Story wise, all I will say is that it starts off with little direction, the objective for the first part of the game is to obtain 4 “great” souls and you can continue from there, is very open and you have to figure out for yourself which order is the best to take things in without getting twatted by the local enemies. Once you get past this point your choices are much more limited but there’s still a hell of a lot of game to go even at this point.
Although there are not many side quests as such there are many secret areas which hold varying rewards and if you do things with certain NPCs in the right way then you will also be rewarded. Content wise this game is value for money, the original game itself was pretty big and the DLC (actual proper DLC which are levels that were written after the original games release) which is of exceptional quality and has some of the games’ most gorgeous areas and hard bosses. Playing this on PS4/XB1 you will be able to tell that this is a last gen port, the textures are not quite as detailed as you would expect and there is a lack of detail in places. That being said the fact this runs at or around 60fps at all times is fantastic, there was a fair bit of framerate dropping on the PS3 which could lead to many a death, and seeing as battle in this game hones your senses to near grand master level, knowing exactly when and when not to hit, so on next gen there is less frustration due to that, and it looks beautiful running at that level.
The reason I played and loved this game was gratification. Every single boss will most likely kill you many times. It can be joypad breakingly frustrating, but persevere. Eventually you will learn that boss. You will know his or her every “tell”, every weakness, exactly how many hits you can get in after each attack and move to a safe distance before the next onslaught. Then there’s that feeling. After spending 4 hours dying at the hands of one boss, dying over and over again, the feeling of finally being victorious is absolutely euphoric. Now playing like this is not for everyone but in Scholar of the first sin they made some changes which made it considerably easier. Ish.
One of the great elements of Dark Souls 2 is its use of online gameplay. There is a whole PvP side of things which I never really bothered with but you can leave your summon sign pretty much anywhere and you can be summoned by someone of similar level to go help them with a particularly tricky area or boss and likewise you can summon other people. Now sometimes in the PS3 version there were a few NPC summon signs you could use as there is not always someone of your level there that is available to help, but the reason things are a lot easier in Scholar of the First Sin is that the number of these NPC summons has been increased dramatically Almost every boss now has at least one available and you have no idea how much easier that can make things when the boss isn’t trying to get your innards on display as for 50% of the time they have someone else to try and eviscerate. Be warned though, every time you summon someone that will make the boss hit harder and have more hit points, so if you’re lucky to have 2 actual people you can summon then leave those NPCs alone as if you get more than 2 people helping you then you will find the boss is near un-killable. First time around I solo’d most of the bosses so this time I already knew what I was doing but I can tell that it would have been easier and (slightly) less frustrating for me if this was where I had started out.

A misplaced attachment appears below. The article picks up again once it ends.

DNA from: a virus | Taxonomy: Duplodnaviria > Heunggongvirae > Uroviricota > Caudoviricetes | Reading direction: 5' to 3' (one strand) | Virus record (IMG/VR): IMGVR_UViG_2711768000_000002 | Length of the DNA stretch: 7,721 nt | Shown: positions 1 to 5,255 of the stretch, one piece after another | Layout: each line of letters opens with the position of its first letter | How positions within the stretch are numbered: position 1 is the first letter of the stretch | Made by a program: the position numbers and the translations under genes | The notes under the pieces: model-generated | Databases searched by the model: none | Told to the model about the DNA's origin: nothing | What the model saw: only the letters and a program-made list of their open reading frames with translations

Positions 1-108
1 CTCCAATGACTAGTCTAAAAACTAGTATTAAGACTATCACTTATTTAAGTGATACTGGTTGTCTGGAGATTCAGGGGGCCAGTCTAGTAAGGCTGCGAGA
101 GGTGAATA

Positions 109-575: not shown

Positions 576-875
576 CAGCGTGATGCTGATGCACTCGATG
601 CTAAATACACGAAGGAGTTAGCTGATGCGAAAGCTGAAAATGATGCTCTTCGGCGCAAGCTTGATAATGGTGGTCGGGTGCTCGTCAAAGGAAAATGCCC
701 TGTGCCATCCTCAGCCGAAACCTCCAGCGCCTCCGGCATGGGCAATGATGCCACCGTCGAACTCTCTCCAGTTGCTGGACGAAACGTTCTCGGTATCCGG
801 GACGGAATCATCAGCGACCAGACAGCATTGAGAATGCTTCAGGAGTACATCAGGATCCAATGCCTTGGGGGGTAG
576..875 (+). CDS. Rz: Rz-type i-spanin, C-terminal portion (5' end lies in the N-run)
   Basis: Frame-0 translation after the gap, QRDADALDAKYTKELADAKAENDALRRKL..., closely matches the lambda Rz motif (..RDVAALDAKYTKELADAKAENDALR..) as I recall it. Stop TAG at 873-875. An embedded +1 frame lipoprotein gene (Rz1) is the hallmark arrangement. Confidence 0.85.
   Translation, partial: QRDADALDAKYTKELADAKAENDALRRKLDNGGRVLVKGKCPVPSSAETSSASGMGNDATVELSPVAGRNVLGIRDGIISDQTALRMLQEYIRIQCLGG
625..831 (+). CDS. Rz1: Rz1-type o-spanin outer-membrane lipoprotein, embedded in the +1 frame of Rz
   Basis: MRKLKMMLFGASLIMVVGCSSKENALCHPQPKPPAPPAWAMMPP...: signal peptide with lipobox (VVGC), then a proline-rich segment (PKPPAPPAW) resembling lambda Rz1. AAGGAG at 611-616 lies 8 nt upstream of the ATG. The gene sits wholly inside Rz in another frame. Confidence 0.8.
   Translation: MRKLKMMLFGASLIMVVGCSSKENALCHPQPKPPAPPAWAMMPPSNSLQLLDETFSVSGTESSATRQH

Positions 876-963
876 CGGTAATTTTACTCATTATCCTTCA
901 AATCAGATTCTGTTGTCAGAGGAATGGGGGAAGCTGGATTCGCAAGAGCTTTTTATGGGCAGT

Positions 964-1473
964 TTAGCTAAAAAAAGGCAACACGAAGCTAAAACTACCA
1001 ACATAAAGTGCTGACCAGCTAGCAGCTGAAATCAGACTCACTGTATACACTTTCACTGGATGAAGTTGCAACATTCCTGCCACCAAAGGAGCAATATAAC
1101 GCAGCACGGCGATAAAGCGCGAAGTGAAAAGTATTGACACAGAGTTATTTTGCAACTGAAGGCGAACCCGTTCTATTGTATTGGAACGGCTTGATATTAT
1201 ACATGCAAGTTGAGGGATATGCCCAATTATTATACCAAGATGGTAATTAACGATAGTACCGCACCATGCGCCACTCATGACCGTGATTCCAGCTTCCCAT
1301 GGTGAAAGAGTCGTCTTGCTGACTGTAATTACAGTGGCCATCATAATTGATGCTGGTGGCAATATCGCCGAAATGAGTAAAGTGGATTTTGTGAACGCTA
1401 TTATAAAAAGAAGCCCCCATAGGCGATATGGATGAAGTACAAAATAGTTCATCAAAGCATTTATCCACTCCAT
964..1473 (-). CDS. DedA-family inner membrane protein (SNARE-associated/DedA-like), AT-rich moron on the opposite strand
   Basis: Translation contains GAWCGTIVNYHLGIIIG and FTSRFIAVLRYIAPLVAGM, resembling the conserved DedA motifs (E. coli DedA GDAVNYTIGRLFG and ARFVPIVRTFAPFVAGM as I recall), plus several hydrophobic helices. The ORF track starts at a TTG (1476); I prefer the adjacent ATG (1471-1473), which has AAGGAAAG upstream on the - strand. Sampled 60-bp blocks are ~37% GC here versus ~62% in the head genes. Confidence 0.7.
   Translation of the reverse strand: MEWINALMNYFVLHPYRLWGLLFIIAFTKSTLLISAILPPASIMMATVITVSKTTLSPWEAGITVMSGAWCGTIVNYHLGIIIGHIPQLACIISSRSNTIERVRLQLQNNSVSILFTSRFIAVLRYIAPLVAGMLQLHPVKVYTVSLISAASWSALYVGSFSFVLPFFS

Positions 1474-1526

Rating this game is difficult, personally I have spent more time on this game than practically any other, ever. I have the platinum trophy on both PS3 and PS4 versions so for me it has been excellent value for money. There is no such thing as a perfect game, but taking into account what they could of done better.
I will give it 8/10.
Although there are many people who will hate this game, but if you can get past that “wall” there is a chance you will love it.
Buy it now